Friday, December 2nd, 2011 by Faye

Pre-Marital Counseling, the Sexiest Thing You Can Do


From the moment your to-be pops the big question you should both start actually planning your life together.  20 years from now, a perfectly planned centerpiece won’t really matter; establishing open and honest communication, knowing where you will likely experience friction, and learning the tools to work on the relationship will matter.  Plus, happy couples have more and better sex.  So all you men who think counseling is dumb, there is no excuse now. 

What is Pre-Marital Counseling?

Pre-Marital counseling is not couples therapy, and is not designed to dive into all of your deep issues.  Instead, the goal is to give you the tools to build a really fantastic marriage.  The average married couple waits six long years before they seek professional help for marital problems, and by then the problems can be severe. Most divorces happen by the 7th year, so don’t be part of the statistic!

Pre-Marital counseling, like all therapeutic treatments, will vary greatly upon the couple being counseled, but there are a few common traits.

Pre-Marital counseling is often...

1. Conducted by a religious advisor or accredited therapist
2. A place to assess and inventory your current relationship
3. A time for skills training
4. Frequently combined with couple’s counseling
5. Educational, not therapeutic
6. Held in small groups or individual sessions
7. A time to foster awareness, discussion, and encourage you and your soon-to-be to address problems proactively.

Why Pre-Marital Counseling?

Begin your marriage with tools for success. Two lives coming together is no small feat, no matter how well you know each other. Why pre-marital counseling and why not a few heartfelt conversations? Keep this in mind; a marathon runner doesn’t say “Hey, I can run five miles so of course I can run 26.2 miles!” Dating and being engaged are not always enough prep for the marathon that is marriage. To really prepare for marriage you need the correct training and tools. If you think you are the exception to the rule, that you don’t need the extra help, you probably need the counseling the most.  It may sound harsh – but we want to be honest and that’s what our experience has been.

Here are some of the awesome things you learn in pre-marital counseling:

Successful communication
Listening effectively and communicating are not innate skills for most people. Learning how to communicate well with your partner is invaluable.

Discuss role expectations
Who will do what?  You’d be surprised what you haven’t talked about: jobs, finances, chores, sexual intimacy, children, where you spend important holidays…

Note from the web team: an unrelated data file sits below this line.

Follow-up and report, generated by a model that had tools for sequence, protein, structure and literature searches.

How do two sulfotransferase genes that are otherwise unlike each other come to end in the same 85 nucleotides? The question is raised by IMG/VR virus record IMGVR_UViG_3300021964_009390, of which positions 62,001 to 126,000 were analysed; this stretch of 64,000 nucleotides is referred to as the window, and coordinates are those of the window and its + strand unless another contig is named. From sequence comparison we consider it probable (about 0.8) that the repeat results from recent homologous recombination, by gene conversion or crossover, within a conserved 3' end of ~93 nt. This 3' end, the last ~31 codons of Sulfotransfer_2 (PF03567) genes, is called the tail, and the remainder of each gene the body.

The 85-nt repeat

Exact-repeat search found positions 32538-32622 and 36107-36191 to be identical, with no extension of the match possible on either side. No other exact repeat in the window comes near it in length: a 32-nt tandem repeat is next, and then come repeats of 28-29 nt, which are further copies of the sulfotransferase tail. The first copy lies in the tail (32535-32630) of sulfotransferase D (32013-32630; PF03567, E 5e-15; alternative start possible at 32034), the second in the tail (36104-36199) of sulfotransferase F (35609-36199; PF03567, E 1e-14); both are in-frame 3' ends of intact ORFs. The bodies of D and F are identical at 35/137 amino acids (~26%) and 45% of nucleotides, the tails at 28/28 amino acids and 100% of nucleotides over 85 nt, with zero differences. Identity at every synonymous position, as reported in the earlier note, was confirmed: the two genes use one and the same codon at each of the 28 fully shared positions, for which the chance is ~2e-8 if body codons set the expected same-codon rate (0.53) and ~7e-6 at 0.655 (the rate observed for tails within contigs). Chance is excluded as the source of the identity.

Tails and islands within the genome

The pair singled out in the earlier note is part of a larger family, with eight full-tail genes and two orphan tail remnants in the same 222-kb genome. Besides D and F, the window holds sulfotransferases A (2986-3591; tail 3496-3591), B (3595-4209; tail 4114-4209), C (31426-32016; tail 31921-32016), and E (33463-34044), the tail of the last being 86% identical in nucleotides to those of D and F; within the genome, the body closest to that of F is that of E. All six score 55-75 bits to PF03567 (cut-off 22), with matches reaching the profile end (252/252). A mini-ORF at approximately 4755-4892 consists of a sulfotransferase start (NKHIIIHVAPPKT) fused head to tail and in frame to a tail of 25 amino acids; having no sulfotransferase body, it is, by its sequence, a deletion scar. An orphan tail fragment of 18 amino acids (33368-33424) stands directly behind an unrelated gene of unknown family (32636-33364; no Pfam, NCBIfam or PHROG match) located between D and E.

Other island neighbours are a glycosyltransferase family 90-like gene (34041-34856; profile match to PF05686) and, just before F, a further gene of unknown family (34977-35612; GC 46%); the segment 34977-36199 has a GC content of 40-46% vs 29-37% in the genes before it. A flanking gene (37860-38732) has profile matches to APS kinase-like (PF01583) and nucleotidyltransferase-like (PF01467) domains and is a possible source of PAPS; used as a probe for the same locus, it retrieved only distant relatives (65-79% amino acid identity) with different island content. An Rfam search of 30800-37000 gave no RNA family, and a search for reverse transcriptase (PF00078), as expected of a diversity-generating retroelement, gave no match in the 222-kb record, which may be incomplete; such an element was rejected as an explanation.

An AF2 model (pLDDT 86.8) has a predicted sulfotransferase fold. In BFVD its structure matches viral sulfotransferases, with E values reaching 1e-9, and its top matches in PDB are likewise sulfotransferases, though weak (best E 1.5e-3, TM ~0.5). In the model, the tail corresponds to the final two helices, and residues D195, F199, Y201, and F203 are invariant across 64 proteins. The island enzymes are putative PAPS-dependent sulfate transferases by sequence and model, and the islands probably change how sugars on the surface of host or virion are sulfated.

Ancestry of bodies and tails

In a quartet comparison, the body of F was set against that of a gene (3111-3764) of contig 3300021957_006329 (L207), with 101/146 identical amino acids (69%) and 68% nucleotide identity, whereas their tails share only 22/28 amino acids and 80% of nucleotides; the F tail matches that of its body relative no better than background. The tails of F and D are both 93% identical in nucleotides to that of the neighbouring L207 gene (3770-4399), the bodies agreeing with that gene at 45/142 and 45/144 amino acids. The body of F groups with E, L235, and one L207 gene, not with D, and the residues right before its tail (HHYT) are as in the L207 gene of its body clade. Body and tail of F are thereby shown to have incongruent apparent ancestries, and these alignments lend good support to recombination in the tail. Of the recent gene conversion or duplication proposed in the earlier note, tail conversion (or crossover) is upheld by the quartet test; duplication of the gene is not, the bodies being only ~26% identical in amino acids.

Effective conflict resolution
Conflict arises over little things like walking the dog to more serious issues like money. There are effective ways to de-escalate problems and to know and love each other so well that you change behaviors to prevent conflict.

Explore spiritual beliefs
For some, faith is the most core part of their being, and individual beliefs within that faith can be “non-negotiables.” You should learn those before tying the knot.

Identify problematic family of origin issues
Family heavily shapes our personalities and values, both in positive and negative ways. Couples who understand existing family problems are more likely to avoid repeating the same mistakes. 

Develop personal, couple, and family goals
Where do you want to be in five years? How many children do you want? Where do you want to live? You would be amazed at how many couples have never asked each other these questions and more!

Recognize strengths and weaknesses
It can be an amazing experience to sit and talk honestly about what you are both good at and where you will likely disappoint each other.

Things to look for in a Pre-Marital counselor and their practice
The best way to find a counselor is to get a personal recommendation from someone.  A bad counselor can do more harm than good, so do your homework and don’t be afraid to switch if your first one isn’t good.

Education, religion, and experience
What school did they go to, are they licensed, and do they practice the same faith as you?

Logistics
What are their office hours, where is the office located, and is the office easy for both you and your fiancé to get to?

Treatment plan
How many sessions are you committing to, how long is each session, how frequently, and what is the cancellation policy?

Fees and insurance
What is the cost of each session, are the covered under your insurance, and what is the payment plan?